All of this puts the lie to Cuno’s permissive stance on buying objects of dubious provenance. Cuno writes, “No museum has ever endorsed the looting of archaeological sites and the loss of the knowledge they contain. But in many respects, when faced with the choice whether or not to acquire an undocumented antiquity, the looting of the archaeological site has already occurred and the knowledge that may have been gained from the careful study of an antiquity’s archaeological context has already been lost.” Given the choice between condemning an item to the black market and “bringing it into the public domain,” he reckons, why, “putting aside the legal risks,” should a reputable museum hesitate to buy? And given that the Iraq Museum is presently under the control of Muqtada al-Sadr, why would we be eager to return the valuable flotsam that has washed up in the United States, Jordan, Switzerland and Japan?
Cuno’s slipshod reasoning–his creation of a false dichotomy between buying antiquities illegally and abandoning them to the purgatory of the black market, his dismissal of the legal and ethical reasons for taking a stand against the purchase of antiquities that are likely to have been stolen–reveals the bankruptcy of his argument. To posit that nationalism is the only reason a source country would cherish its cultural patrimony is to rationalize thievery; the argument also diminishes the great power these objects hold, as evidenced by the numerous Iraqi civilians who risked their lives to protect the ancient artifacts of their land, such as the five staff members who holed up in the Iraq Museum during the first days of the invasion. Even many of the casual looters Bogdanos described seemed enthralled by, and desperate to protect, the objects they were “liberating.” That may not be art for art’s sake, but it isn’t “nationalist retentionism” either. Substitute Iraq for Egypt or Benin, and the selfish oversimplifications of Cuno’s defense become clear. Sometimes the best test for arguments about the past is a more thorough look at the present.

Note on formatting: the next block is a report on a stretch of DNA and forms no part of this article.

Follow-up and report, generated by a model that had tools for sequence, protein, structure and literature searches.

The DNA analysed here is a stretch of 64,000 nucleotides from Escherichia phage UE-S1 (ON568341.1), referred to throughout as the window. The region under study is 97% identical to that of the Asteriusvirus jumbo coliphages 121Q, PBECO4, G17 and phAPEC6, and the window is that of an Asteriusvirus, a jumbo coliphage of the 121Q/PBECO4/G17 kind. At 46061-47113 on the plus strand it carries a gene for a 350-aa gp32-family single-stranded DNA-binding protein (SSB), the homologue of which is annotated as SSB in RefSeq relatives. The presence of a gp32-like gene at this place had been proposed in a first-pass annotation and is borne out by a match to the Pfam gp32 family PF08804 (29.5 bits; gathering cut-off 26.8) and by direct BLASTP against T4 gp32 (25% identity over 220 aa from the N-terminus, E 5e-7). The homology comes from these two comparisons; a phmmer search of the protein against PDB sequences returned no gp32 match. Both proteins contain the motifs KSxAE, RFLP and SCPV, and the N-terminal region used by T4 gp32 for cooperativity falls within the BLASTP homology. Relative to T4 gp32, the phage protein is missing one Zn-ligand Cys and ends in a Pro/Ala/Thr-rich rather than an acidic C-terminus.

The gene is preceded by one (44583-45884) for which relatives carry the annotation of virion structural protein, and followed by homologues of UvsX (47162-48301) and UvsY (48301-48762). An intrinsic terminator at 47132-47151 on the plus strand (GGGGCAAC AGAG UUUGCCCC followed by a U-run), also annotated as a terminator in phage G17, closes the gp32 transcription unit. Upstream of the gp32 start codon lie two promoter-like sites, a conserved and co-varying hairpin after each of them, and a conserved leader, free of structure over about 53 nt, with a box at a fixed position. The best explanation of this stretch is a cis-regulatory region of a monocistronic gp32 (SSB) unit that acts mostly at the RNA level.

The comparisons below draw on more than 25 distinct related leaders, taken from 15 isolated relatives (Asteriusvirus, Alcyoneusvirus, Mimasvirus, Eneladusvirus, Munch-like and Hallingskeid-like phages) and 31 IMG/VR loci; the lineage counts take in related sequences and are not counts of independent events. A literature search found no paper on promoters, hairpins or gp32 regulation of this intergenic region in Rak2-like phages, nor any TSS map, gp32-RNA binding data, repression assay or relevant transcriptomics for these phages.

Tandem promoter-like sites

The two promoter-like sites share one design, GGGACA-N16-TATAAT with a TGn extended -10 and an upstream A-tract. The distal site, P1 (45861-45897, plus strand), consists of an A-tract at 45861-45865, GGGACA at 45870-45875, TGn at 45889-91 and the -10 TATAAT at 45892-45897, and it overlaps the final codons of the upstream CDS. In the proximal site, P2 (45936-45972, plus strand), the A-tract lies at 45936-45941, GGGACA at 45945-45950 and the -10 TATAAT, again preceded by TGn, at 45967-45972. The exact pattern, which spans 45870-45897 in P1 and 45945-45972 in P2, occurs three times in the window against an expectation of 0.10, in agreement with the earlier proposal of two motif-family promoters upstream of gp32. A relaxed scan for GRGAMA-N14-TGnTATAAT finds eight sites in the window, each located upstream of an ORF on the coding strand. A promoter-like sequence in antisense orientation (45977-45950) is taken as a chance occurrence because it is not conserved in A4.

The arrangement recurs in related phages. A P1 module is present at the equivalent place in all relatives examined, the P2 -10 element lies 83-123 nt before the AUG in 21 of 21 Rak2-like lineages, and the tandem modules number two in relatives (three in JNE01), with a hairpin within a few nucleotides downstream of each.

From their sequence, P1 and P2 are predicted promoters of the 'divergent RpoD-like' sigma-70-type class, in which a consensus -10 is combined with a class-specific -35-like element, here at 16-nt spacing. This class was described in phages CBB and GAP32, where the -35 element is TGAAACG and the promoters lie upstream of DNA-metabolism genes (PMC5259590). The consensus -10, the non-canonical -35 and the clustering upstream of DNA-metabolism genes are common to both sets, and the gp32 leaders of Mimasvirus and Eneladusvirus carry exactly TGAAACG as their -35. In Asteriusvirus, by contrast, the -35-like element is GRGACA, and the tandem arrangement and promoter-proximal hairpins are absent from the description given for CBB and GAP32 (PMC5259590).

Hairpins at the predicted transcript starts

Britt Peterson is assistant managing editor of The New Republic.